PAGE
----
The Jackson-Madison County Community Remembrance Project partnered with EJI to install a historical marker to memorialize two victims of racial terror lynching in Madison County, Tennessee, between 1877 and 1950.
The marker was installed on Friday in front of the Madison County Courthouse. The coalition worked to plan a historical marker ceremony that was originally scheduled for April 18, but the ceremony plans had to be canceled due to the Covid-19 pandemic.
Lynching in Madison County
In Madison County on August 18, 1886, Eliza Woods, a Black domestic worker, was accused of poisoning her white employer. That night, a mob stormed the jail, dragged Ms. Woods to the courthouse, and ripped off her clothes. Although Ms. Woods declared her innocence, she was hanged from a tree and her body riddled with bullets. Ida B. Wells, a leading anti-lynching crusader, protested the lynching of Eliza Woods many times in her writing.
Five years later, John Brown and three other African Americans were passengers on an Illinois Central Railroad train. News reports accused Mr. Brown of severely injuring the switch man. Mr. Brown was arrested and at midnight on July 26, 1891, was forcibly taken from the jail by a mob of 500 masked men armed with rifles. He was lynched in the courthouse yard. Neither Eliza Woods nor John Brown received due process for their alleged crimes; both were killed by mobs who never faced prosecution for their lynchings.
Jackson-Madison County Community Remembrance Project
EJI documents 233 victims of racial terror lynching in Tennessee and at least three in Madsion County between 1877 and 1950: Eliza Woods (1886), John Brown (1891), and Frank Ballard (1894). In August 2017, Indivisible Jackson and the Jackson-Madison County NAACP co-sponsored the 131st Commemoration of the Lynching of Eliza Woods at the Madison County Courthouse in Jackson. Inspired to further advance narrative change efforts in Madison County, educators, faith leaders, community activists, and civic leaders conducted research into the lynchings and engaged in repair dialogue that evolved into action oriented solutions.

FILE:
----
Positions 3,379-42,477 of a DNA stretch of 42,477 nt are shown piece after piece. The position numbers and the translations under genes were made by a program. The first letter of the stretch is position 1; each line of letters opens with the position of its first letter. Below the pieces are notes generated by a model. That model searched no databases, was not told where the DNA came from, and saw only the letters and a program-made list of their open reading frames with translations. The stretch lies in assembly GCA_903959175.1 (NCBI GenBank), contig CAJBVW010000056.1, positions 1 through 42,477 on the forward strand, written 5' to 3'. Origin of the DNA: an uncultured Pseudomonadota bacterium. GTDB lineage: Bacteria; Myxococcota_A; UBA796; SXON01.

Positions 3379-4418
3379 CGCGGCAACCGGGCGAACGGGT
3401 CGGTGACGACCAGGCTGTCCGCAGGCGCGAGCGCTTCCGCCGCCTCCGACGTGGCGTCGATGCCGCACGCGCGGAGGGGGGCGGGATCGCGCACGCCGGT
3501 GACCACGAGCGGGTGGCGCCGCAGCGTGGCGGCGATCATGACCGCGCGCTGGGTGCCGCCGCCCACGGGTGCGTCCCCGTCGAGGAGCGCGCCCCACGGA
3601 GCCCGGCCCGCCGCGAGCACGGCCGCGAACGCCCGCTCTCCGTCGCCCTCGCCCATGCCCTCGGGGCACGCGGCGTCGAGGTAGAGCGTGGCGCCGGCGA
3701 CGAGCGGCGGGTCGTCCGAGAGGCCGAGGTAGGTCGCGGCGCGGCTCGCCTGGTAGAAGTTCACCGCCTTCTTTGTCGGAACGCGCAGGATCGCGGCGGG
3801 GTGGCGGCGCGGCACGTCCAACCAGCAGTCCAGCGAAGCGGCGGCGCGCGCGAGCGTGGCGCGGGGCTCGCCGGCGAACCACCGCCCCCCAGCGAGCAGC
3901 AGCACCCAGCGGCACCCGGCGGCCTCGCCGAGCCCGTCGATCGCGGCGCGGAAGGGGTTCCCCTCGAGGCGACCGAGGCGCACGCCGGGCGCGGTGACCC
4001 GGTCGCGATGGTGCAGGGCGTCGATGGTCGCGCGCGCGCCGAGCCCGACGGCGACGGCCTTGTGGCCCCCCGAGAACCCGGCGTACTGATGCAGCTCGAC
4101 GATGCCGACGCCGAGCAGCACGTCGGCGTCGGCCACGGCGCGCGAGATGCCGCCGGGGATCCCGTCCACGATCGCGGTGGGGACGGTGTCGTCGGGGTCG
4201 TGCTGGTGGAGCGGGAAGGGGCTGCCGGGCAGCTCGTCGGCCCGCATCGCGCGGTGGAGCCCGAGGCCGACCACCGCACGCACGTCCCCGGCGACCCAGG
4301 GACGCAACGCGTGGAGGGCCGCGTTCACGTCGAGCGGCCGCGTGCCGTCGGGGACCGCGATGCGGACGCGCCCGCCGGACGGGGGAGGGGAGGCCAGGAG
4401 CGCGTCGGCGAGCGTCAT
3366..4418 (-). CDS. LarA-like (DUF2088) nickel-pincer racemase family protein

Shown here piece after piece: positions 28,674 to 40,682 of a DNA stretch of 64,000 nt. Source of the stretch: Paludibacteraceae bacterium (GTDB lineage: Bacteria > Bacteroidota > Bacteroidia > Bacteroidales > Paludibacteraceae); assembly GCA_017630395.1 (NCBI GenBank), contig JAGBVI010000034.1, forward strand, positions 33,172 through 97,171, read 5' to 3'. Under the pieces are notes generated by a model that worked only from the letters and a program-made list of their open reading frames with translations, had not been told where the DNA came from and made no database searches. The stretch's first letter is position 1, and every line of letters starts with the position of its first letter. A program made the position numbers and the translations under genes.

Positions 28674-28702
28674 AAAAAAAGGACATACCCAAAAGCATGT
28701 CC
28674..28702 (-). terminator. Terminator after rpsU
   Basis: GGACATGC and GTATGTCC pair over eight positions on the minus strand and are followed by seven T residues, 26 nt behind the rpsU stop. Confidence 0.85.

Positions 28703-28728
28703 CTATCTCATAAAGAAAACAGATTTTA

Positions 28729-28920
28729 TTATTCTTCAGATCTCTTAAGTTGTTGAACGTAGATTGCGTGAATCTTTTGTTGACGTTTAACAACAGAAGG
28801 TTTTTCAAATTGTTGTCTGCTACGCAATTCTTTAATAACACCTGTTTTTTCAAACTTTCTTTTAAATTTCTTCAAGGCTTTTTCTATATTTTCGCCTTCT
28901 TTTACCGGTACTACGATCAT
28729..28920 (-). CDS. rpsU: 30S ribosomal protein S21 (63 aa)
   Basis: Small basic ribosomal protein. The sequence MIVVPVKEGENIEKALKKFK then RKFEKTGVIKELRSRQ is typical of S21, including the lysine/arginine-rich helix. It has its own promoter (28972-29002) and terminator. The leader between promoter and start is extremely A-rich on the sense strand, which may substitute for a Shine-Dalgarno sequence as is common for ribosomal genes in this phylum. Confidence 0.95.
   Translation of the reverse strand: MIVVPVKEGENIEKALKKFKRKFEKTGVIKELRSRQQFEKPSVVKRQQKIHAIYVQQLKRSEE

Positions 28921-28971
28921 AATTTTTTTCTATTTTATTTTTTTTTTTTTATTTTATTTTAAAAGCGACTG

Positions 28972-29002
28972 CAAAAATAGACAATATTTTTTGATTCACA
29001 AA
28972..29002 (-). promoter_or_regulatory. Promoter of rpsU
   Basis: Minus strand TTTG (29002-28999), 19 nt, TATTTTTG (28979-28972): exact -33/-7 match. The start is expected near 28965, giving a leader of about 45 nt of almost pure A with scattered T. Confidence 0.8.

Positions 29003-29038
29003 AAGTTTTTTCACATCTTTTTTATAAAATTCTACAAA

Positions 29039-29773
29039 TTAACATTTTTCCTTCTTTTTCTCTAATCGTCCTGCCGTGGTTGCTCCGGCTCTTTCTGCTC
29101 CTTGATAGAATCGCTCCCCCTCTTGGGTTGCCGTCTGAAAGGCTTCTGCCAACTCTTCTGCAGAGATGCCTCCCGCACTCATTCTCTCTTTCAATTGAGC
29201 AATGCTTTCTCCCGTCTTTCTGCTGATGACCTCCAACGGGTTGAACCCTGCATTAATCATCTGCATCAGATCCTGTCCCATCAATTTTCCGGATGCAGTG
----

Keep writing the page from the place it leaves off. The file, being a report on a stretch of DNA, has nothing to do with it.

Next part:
Dr. Cindy Boyles, a professor at the University of Tennessee at Martin, taught a course on hate crimes in which students researched local lynchings and presented their findings in 2018. She later took her students to the Legacy Museum and National Memorial for Peace and Justice. The Jackson State Community College Honors Program, along with the Jackson Madison County Branch of the NAACP and Lane College Chapter of the NAACP, also sponsored an event titled “Community Remembrance: A Memorial for the Lynching Victims of Madison County” in February 2018.
In partnership with EJI, the coalition memorialized Eliza Woods, John Brown, and Frank Ballard through a community soil collection remembrance ceremony at Jackson State Community College. Soil was collected from the lynching sites and dedicated at the ceremony as state and local leaders offered remarks. Leveraging the momentum from this event, the coalition launched opportunities for community education and awareness that deepened local understanding about their efforts. In 2019, the group formally presented to the Madison County Board of Commissioners a proposal to place a historical marker in the Madison County Courthouse yard.